This weblog receives lots of email correspondence from readers young and old, savvy and, er, not so savvy. While much of this correspondence is addressed in person, some of it is dealt with by writing or commissioning a blogpost. Over the past week or two, this Kat has received a number of inquiries from people wanting to know what a hedge fund is, and who or what a Kyle Bass is. We are thus delighted to be able to place before those good souls an answer from the pen of patent attorney turned academic Sue Ratcliffe, who writes as follows:
hedge fund managers could be seen as the good guys in the struggle by some to stop big pharma (and others such as Martin Shkreli: full story here in the Independent ) using their IP to keep drug prices high. Hedge fund manager Kyle Bass formed the Coalition for Affordable Drugs with the aim to prevent drug companies from getting unjust protection or extending patent in unacceptable ways. According to Business Insider UK: “He is going after companies he believes are egregious examples of evergreening “BS patents” (it took a few moments to realise what was meant by BS, and it wasn't "brilliantly superior" ...).
Ampyra, a drug used to treat multiple sclerosis [noted by theAmeriKat here, while many readers were on holiday]. However in a more recent challenge to US Patent 6773720B1, owned by Cosmo Technologies but licensed to Shire Pharmaceuticals, he has had a degree of success. The patent relates to a controlled release oral pharmaceutical called Lialda which is used in the treatment of Crohn’s disease and ulcerative colitis. The challenge was based on patentability. The USPTO Patent Trial and Appeal Board decided he had a reasonable case at trial -- but what was significant was that the USPTO did not accept the patentee’s objection to the challenge by the Coalition on the basis that their petition failed to identify “the real party in-interest” and that litigation was though a proxy. The Board shot this argument down by basically saying that at a general level a party that desires a review is a party with an interest, whoever they are. This is just like the EPO’s view on straw men: if a party can go to the trouble of filing a petition, it must have an interest, whether they does it by itself or through someone else.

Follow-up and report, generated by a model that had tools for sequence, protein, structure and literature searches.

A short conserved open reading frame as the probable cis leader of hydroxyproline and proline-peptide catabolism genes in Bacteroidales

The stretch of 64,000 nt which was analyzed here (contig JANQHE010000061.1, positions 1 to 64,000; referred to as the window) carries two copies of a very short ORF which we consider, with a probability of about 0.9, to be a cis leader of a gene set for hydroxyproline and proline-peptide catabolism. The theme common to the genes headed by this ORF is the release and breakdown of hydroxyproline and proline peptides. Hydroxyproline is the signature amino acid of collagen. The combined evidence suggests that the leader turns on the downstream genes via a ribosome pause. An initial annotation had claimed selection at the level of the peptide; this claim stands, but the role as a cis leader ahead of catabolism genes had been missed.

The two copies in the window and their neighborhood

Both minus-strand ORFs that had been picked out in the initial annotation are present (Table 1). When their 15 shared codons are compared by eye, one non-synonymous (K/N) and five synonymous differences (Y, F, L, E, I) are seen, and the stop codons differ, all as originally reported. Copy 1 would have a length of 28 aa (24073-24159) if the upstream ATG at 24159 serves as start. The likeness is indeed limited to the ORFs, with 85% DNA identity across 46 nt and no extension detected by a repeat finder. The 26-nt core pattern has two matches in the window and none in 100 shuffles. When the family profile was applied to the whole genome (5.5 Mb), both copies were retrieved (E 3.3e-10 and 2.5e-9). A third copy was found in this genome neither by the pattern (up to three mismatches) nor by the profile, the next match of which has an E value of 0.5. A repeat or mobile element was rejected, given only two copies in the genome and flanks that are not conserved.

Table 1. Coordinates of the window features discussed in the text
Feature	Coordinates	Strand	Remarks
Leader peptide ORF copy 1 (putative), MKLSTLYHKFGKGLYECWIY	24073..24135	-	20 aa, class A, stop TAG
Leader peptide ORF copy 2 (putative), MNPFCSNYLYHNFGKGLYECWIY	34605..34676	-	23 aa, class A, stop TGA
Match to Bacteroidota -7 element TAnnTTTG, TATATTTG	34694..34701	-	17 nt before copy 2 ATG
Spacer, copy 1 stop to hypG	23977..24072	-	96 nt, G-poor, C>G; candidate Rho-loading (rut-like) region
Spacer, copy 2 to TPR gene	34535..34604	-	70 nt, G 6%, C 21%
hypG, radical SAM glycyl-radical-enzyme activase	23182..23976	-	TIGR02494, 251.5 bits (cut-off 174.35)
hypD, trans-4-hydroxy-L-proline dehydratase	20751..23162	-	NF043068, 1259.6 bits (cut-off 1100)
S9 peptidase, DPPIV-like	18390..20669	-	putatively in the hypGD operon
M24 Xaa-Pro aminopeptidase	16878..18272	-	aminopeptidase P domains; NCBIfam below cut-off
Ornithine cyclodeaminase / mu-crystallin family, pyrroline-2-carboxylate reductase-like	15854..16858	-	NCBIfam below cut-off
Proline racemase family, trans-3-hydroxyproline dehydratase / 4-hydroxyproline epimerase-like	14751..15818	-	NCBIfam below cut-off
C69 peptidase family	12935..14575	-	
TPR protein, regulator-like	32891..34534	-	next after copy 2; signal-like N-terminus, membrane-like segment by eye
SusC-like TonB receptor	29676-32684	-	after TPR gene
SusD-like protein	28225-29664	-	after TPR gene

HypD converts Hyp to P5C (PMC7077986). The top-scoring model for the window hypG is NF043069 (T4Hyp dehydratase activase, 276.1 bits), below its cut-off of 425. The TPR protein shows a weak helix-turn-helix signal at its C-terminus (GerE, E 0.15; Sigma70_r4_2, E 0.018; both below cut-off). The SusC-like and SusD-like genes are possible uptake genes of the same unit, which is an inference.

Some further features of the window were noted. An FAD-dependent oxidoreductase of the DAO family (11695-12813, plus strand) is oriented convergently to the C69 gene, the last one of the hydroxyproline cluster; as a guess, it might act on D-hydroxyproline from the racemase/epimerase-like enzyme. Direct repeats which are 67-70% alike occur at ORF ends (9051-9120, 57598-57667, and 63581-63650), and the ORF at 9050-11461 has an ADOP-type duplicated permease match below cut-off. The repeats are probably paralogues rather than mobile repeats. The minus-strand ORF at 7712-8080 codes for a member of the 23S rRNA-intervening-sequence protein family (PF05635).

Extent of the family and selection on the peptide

America Invents Act allows for reviews of poor quality patents by using an Inter Partes Review Procedure (usually referred to as an IPR) and the hedge fund managers have seized an opportunity to use the new relatively low-cost system to their advantage. Reviewing a patent is likely to affect share prices, making companies attractive for the short selling market while stock prices fall. Shire’s price fell after the decision.
Drug companies have asked the USPTO to stop what they see as an abuse of the review process by hedge fund managers, but this recent decision which broadens the “real party in-interest” definition looks like that will not succeed. The phenomenon of reverse trolling hedge fund trolls is going to be a tricky issue to handle politically. Lobby groups and technology companies see the advantage of challenging the hold they perceive that large corporations have on controlling markets, especially in the biotech and software areas. These lobby groups often have the ears of the politicians and high drug prices, especially in the US is a thorny issue: see the views of presidential candidate Hillary Clinton.
Bass on the other hand may have been reading the Universal Declaration of Human Rights, Article 27(1), and truly believes his challenges are for the benefit of society by lowering drug prices and yet he can still make money. Maybe …